Alexander Mamut peeped in Okko

The owner of the "Cinema Park" and "Formula Cinema" without money purchased an online cinema.
One of the largest Russian online cinemas Okko entered the Rambler Group of Alexander Mamut. The deal became cash-strapped: Ekaterina Lapshina, owner of Okra, Era Capital, will receive a minority stake in Rambler Group, which also includes Cinema Park and Formula Cinema. Online video and film distribution, as a rule, compete among themselves, market participants warn.

Rambler Group has teamed up with the online Okko cinema, a spokesperson for Rambler told Kommersant. This is a cash-strapped deal: owning Okko Era Capital gets a stake in the parent company Rambler Group. The size of the share is not disclosed. Era Capital owner Ekaterina Lapshina confirmed to Kommersant the fact of the merger. An online cinema is needed by Rambler for "creating a cross-media ecosystem that encompasses all screens: mobile, computer, cinema and Smart TV," the company explains. The merged group will become the largest distributor of content online and offline with a common loyalty program, which will give new opportunities to advertisers and partners, Rambler hopes.

Alexander Mamut has long studied the development opportunities in the online video market. Sources told Kommersant that the businessman looked at different video services, including the largest ivi. The representative of Rambler confirms that the company held negotiations "with virtually all participants of the online cinema market". Rambler has already had deals in this segment: as reported by Kommersant, in 2017 the holding acquired control in Dalton Media, which develops the Eagle Platform platform (through it, video works on the websites of Vedomosti, the Rain channel and Rambler projects) . In 2017, Mr. Mamut acquired the largest cinema chains Cinema Park and Formula Kino, which are now operationally combined with his other media assets - Rambler and the Azbuka-Atticus publishing house - into a holding with a projected revenue of 25 billion rubles.

Okko launched in 2011 the founders of the operator Yota Sergei Adoniev and Albert Avdolyan, in the beginning it was called Yota Play. The last few years the video service belonged to their foundation Telconet, and managed by the investment consultant Marsfield Capital. In late 2017, Era Capital CEO of Marsfield Capital Ekaterina Lapshina bought from Telconet a number of assets, including Okko. Uniting with Rambler, Mrs. Lapshina counts on integration in the field of home and cinema viewing. "This is the synergy of online and offline consumption, it seeks to use all services: classic, e-commerce, marketplace. We are very satisfied with the assessment and are interested in getting more interesting figures on the way out. If there are no stories about the way out, we will earn together, "she noted.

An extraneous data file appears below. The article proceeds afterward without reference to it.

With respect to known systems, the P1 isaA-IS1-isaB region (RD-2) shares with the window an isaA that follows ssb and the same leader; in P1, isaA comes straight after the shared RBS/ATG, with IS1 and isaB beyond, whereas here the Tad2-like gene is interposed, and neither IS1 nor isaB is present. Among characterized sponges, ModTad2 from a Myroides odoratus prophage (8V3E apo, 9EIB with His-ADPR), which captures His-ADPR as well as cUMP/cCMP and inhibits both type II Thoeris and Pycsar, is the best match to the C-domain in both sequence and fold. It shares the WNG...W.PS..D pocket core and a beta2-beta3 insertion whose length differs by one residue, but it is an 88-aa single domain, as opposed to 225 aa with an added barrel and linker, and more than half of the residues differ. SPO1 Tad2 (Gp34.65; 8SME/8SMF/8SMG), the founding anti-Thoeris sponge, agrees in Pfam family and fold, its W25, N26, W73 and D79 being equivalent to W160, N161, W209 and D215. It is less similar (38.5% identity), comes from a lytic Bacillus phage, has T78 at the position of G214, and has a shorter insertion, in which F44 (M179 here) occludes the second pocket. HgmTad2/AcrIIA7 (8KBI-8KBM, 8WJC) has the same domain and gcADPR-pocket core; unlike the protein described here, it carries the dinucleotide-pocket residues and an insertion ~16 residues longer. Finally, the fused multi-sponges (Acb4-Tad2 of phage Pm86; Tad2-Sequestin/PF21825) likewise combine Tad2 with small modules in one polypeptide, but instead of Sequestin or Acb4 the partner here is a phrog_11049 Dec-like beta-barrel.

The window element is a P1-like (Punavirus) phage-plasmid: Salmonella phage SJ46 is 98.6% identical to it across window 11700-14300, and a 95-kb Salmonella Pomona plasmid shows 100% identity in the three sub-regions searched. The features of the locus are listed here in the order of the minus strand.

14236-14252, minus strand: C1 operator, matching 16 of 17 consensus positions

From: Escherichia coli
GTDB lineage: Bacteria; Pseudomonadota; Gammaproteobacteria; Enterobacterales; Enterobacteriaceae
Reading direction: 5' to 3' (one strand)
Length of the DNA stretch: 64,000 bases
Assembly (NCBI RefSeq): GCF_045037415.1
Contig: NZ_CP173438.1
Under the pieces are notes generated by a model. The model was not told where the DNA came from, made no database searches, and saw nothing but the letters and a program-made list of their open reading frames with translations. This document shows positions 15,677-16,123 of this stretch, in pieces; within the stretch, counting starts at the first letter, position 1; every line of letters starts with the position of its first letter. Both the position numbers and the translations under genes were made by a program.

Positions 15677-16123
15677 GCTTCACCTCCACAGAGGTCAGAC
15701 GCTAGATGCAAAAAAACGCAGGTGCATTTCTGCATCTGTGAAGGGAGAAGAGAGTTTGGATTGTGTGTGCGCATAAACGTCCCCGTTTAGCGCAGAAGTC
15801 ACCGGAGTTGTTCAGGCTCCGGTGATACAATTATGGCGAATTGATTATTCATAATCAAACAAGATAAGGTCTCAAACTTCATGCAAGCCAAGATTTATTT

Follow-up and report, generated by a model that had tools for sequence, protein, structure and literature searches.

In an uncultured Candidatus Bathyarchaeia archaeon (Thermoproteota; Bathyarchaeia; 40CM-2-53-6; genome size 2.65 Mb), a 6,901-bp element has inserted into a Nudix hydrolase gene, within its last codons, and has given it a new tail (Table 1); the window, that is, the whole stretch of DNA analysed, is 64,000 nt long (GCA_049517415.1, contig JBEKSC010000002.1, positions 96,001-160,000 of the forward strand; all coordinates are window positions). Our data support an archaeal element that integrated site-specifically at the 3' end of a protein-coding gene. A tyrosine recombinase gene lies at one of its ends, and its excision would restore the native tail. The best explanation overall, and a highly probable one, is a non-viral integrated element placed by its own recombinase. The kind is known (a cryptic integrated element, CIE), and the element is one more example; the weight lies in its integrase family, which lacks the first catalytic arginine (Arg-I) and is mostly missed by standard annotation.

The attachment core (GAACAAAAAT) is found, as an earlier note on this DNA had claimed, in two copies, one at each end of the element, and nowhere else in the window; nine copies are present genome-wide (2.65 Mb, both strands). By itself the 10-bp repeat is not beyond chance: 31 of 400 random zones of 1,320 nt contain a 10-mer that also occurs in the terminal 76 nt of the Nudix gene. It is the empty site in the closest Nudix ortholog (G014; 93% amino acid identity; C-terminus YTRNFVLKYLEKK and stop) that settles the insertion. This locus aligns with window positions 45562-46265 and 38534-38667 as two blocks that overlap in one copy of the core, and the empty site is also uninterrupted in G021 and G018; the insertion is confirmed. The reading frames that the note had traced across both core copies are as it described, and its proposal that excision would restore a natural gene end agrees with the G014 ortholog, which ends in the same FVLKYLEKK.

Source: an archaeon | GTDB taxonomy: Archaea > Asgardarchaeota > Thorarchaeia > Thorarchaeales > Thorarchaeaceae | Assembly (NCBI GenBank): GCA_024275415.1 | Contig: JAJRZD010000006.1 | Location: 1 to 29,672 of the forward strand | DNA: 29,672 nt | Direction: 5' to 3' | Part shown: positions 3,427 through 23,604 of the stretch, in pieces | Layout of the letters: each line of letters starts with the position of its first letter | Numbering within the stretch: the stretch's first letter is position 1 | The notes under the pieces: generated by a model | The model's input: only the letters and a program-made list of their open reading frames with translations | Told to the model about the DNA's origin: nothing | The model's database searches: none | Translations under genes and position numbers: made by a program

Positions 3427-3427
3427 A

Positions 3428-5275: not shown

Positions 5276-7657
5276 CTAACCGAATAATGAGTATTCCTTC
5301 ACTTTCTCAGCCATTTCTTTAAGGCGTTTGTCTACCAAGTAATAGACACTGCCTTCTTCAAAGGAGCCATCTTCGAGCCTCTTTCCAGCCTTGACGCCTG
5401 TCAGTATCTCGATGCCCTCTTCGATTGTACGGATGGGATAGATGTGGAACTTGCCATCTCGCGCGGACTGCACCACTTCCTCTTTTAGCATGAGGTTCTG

Unlike most online cinemas, Okko works without advertising, the user is offered to subscribe or pay a separate film. After the transaction, this model will continue. By the end of 2017, Okko doubled its revenues to 1.38 billion rubles. and ranks second among the online cinemas after ivi, whose revenue - 2.43 billion rubles. Okko estimates its market share at 18%. In 2017, the company went to breakeven and develops "practically without the use of debt instruments," they say in Rambler. In 2016 Okko owners held talks with VimpelCom about a partnership, which presumed a buyout of the company by an estimated $ 40 million, a source at Kommersant said. Ekaterina Lapshina does not comment on this assessment, but notes that since then Okko has grown and is now valued more.

In general, the online video market in Russia has been growing for several years, but most services have not yet reached a stable payback. Among the problems - piracy and high costs for licensed content. The oldest players, like ivi or Okko, started when the market was not yet ready, and lived for a long time at the expense of shareholders, says iTech Capital partner Alexei Soloviev. "Now the time has come when the market is still ready, but the question is, in what financial condition is the online cinema after several years of this glacial period," he notes. From the point of view of film distributors, there will hardly be any preferences for a united player in the field of offline and online, the director for the Central Partnership film distribution Vadim Vereshchagin is doubtful. In addition, film distribution and video on demand are competing markets, and giving preferences to one, inevitably harm another, he argues.